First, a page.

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Trust and Probate Disputes

The death of a loved one can be a very distressing time for all involved. Most Wills are uncontentious, and the Estate of the deceased will be distributed unchallenged. At P.A. Duffy, our expert solicitors will be able to help you and your family by providing sound legal advice in a professional and compassionate manner.

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However, where someone believes that they have been disinherited, a claimant can (in some circumstances) challenge a Will on the grounds that it did not make adequate provision for him/her.

A Will can also be challenged on grounds of validity, these usually involve claims that the testator lacked testamentary capacity, that the Will was not properly executed or that some form of undue influence or fraud was involved.

Whether you are seeking to contest a Will or are the beneficiary against whom a claim is being taken, you should seek legal assistance promptly. Our team are experts at resolving disputes involving the interpretation of the will, the valuation of assets, disputes between beneficiaries and dealing with the validity of the will. Our Dungannon and Belfast-based Trust and Probate solicitors will advise you on the best course of action to serve your particular needs.

FAQs

When can I challenge a will?

Our team can provide guidance on the validity of your challenge and help you navigate the legal process. Keep in mind that there are strict time limits for contesting a will, so it's crucial to act promptly if you believe there are valid reasons to do so. Common grounds to challenge a Will include:

  • Lack of Capacity: If the testator (the person making the Will) did not have the mental capacity to understand the nature and effect of their Will at the time of making it, the Will may be challenged. This could be due to issues like dementia or mental illness.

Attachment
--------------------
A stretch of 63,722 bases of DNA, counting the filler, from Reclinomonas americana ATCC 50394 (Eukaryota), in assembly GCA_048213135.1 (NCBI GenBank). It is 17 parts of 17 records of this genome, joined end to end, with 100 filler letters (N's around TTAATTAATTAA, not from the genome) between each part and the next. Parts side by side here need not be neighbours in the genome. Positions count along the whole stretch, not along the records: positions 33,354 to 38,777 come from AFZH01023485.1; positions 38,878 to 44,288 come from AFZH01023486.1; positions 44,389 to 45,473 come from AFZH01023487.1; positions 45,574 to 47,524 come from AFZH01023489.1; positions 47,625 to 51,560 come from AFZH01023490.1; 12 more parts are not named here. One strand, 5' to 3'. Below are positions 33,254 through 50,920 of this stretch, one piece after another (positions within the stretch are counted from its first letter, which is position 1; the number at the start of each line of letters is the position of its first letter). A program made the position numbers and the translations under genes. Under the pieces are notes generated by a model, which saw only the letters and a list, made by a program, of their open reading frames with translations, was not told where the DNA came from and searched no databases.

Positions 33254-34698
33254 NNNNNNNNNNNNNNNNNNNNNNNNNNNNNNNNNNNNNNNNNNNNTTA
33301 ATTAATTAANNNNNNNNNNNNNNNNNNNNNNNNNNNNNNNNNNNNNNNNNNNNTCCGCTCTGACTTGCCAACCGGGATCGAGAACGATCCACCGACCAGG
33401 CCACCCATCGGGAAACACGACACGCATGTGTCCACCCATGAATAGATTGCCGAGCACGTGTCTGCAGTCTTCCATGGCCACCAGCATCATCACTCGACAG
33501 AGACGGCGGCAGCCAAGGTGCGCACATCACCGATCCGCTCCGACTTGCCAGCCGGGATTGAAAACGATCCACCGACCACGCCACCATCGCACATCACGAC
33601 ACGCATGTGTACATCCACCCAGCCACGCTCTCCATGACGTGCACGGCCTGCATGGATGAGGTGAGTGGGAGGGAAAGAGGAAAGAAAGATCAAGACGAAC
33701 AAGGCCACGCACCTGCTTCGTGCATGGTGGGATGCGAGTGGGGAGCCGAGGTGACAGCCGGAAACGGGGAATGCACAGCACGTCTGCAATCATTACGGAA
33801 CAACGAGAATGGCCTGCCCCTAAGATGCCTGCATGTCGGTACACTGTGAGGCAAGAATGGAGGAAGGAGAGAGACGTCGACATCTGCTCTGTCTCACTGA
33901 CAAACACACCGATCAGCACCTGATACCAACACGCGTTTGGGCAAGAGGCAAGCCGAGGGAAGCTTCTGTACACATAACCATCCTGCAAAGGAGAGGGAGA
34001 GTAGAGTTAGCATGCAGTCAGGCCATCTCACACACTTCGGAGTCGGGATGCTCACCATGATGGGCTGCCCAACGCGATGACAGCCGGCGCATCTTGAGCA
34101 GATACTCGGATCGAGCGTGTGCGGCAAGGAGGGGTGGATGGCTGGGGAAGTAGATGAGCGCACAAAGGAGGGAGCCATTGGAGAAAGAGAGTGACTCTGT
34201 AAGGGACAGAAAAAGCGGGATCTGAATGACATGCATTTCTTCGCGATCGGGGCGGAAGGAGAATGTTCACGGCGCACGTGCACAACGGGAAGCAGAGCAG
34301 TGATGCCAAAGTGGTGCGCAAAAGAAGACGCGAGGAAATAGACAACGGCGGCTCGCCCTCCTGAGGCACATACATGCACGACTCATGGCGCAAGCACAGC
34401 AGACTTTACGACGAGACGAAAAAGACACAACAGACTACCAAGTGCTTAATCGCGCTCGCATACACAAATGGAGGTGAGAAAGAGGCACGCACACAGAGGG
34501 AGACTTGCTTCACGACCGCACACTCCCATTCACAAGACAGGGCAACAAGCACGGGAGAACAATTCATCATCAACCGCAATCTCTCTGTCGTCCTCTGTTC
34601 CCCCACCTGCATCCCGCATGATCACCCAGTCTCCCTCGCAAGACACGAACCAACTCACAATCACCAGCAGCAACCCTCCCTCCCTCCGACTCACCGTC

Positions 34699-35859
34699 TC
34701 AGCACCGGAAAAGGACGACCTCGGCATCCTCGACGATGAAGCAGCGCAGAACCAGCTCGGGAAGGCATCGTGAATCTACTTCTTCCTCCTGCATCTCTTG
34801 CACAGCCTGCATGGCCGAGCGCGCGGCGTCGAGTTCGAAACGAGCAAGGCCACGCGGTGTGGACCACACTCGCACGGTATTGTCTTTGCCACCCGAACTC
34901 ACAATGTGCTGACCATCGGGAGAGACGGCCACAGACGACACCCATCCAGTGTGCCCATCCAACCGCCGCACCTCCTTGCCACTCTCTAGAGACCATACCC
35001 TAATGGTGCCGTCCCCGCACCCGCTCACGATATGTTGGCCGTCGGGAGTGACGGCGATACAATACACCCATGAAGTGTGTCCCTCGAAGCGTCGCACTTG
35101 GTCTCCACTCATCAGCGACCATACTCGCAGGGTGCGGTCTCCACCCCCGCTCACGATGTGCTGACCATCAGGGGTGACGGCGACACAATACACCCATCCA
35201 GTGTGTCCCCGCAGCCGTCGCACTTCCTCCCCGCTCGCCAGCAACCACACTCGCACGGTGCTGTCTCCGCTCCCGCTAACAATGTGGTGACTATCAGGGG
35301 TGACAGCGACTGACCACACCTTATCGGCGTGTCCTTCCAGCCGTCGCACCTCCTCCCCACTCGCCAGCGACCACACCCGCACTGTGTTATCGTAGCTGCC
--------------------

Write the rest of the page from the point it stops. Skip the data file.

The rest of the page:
• Undue Influence: If someone exerted pressure or influence on the testator that led them to make a will that did not reflect their true wishes, the Will can be contested.

  • Forgery or Fraud: If the Will is suspected of being a forgery or if there was fraudulent activity involved in its creation, it can be challenged.

  • Rectification and Construction: In some cases, a Will may contain ambiguous or unclear terms. This can lead to disputes over the interpretation of the Will, which can be resolved through a court's construction or rectification order.

  • Family Provision Claims: If a family member or dependant has not been adequately provided for in the Will, they may be able to make a claim for financial provision under the Inheritance (Provision for Family and Dependants) Act 1975. This is not a direct challenge to the will but a claim for additional provision.

Can I challenge a Will before the death of the testator?

Challenging a Will before the testator's death is typically not an option, as the Will does not take effect until after the testator passes away. If you believe there are issues with the Will, it is usually advisable to wait until the testator has passed away, at which point you may be able to challenge the Will based on legal grounds, such as lack of capacity, undue influence, or improper execution. It's essential to consult with a solicitor experienced in wills and probate to understand the specific circumstances and determine the best course of action if you have concerns about a Will. At P.A. Duffy & Co., we will be able to provide expert advice in your situation.

How will I know if the Will has been correctly executed?

Several conditions must be met to confirm that the appropriate formalities have been observed, including:

  • The individual creating the Will should have testamentary capacity, meaning they must be at least 18 years old and mentally sound

  • The creation of the Will must be a voluntary act, free from undue influence, and the individual must comprehend the contents of the Will

  • The Will must be in writing

  • The person making the Will sign it in the presence of two witnesses, and those witnesses should also sign the will in the presence of the person making the Will after they have signed it

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